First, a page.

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American Society for Action on Pain

Author: Kamerling-S-G.

Title: Narcotics and local anesthetics.

Source: Vet-Clin-North-Am-Equine-Pract. 1993 Dec. 9(3). P 605-20.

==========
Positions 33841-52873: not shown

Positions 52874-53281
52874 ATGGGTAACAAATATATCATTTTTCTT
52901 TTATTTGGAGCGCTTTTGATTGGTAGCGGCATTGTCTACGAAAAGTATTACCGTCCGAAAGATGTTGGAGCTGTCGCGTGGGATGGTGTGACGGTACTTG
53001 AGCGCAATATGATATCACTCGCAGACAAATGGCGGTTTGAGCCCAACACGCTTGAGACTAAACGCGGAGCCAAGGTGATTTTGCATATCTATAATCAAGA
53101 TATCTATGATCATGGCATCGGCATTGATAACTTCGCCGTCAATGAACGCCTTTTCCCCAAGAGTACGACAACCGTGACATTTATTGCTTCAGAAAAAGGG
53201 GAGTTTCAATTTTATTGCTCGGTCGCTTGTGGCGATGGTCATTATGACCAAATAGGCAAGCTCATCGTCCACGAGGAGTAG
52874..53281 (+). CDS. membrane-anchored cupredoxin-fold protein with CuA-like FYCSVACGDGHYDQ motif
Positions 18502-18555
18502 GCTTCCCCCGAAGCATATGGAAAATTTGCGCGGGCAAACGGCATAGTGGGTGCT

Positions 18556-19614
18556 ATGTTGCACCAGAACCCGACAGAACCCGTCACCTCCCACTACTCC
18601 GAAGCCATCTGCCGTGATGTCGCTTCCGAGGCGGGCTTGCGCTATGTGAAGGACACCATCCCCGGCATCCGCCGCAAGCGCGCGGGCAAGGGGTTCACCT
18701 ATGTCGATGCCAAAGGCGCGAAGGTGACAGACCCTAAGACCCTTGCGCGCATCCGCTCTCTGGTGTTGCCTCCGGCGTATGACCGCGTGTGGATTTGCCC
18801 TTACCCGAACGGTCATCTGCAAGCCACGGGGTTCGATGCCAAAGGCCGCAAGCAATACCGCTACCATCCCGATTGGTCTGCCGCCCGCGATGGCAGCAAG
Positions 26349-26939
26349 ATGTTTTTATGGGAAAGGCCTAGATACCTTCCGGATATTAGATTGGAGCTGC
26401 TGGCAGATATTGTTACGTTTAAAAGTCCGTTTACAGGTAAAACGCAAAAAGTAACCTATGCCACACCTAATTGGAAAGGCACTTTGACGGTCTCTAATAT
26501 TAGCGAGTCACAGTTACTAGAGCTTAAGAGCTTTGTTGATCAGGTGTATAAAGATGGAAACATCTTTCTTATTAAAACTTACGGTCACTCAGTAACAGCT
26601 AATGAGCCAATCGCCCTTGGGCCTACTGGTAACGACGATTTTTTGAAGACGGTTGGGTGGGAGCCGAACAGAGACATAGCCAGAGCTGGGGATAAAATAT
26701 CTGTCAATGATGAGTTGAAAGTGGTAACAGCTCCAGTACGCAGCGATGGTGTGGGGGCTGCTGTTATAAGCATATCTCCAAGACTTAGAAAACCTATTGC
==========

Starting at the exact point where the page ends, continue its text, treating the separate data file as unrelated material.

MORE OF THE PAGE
Abstract: The recognition and alleviation of animal pain is a growing veterinary and public concern. Pain can be of an acute or chronic nature with different behavioral manifestations. Physiologically, pain is a dynamic and complex phenomenon that produces changes in the central and autonomic nervous systems as well as in the endocrine system. Horses and other animals appear to possess an endogenous pain-suppressing system involving the brainstem and spinal cord. This system can modulate pain perception and the responses to it. The recently discovered endogenous opioid peptides (endorphins and enkephalins) appear to play a role in this system, which is activated by stress. Opioids (narcotic analgesics) act to selectively depress pain- sensitive cells. Opioid analgesics may act via multiple opioid receptors. Each subclass of opioid receptor has a different pharmacologic profile. Classical opioids that act at mu (morphine) receptors typically produce analgesia, increased locomotor activity, cardiorespiratory stimulation, and a decrease in intestinal peristalsis in the horse. Opioids that act at kappa receptors produce analgesia, sedation, ataxia, and minimal autonomic effects in the horse. Owing to their lack of excitatory actions, the kappa opioids represent a potentially useful class of analgesics for use in equine species. Local anesthetics depress all excitable cells and can diminish sensory, motor, and muscular function. They do not act selectively on pain fibers, although pain is among the first sensations lost following a nerve block. Local anesthetic activity is enhanced by increased extraneuronal pH, nerve cooling, increased nervous activity, coadministration of a vasoconstrictor or hyaluronidase, delayed systemic absorption, prolonged drug metabolism, and by using agents with high lipid solubility. Procaine, lidocaine, and mepivacaine are among the most widely used and studied agents in horses. These agents and/or their metabolites can be readily detected in urine; in some cases, for prolonged periods.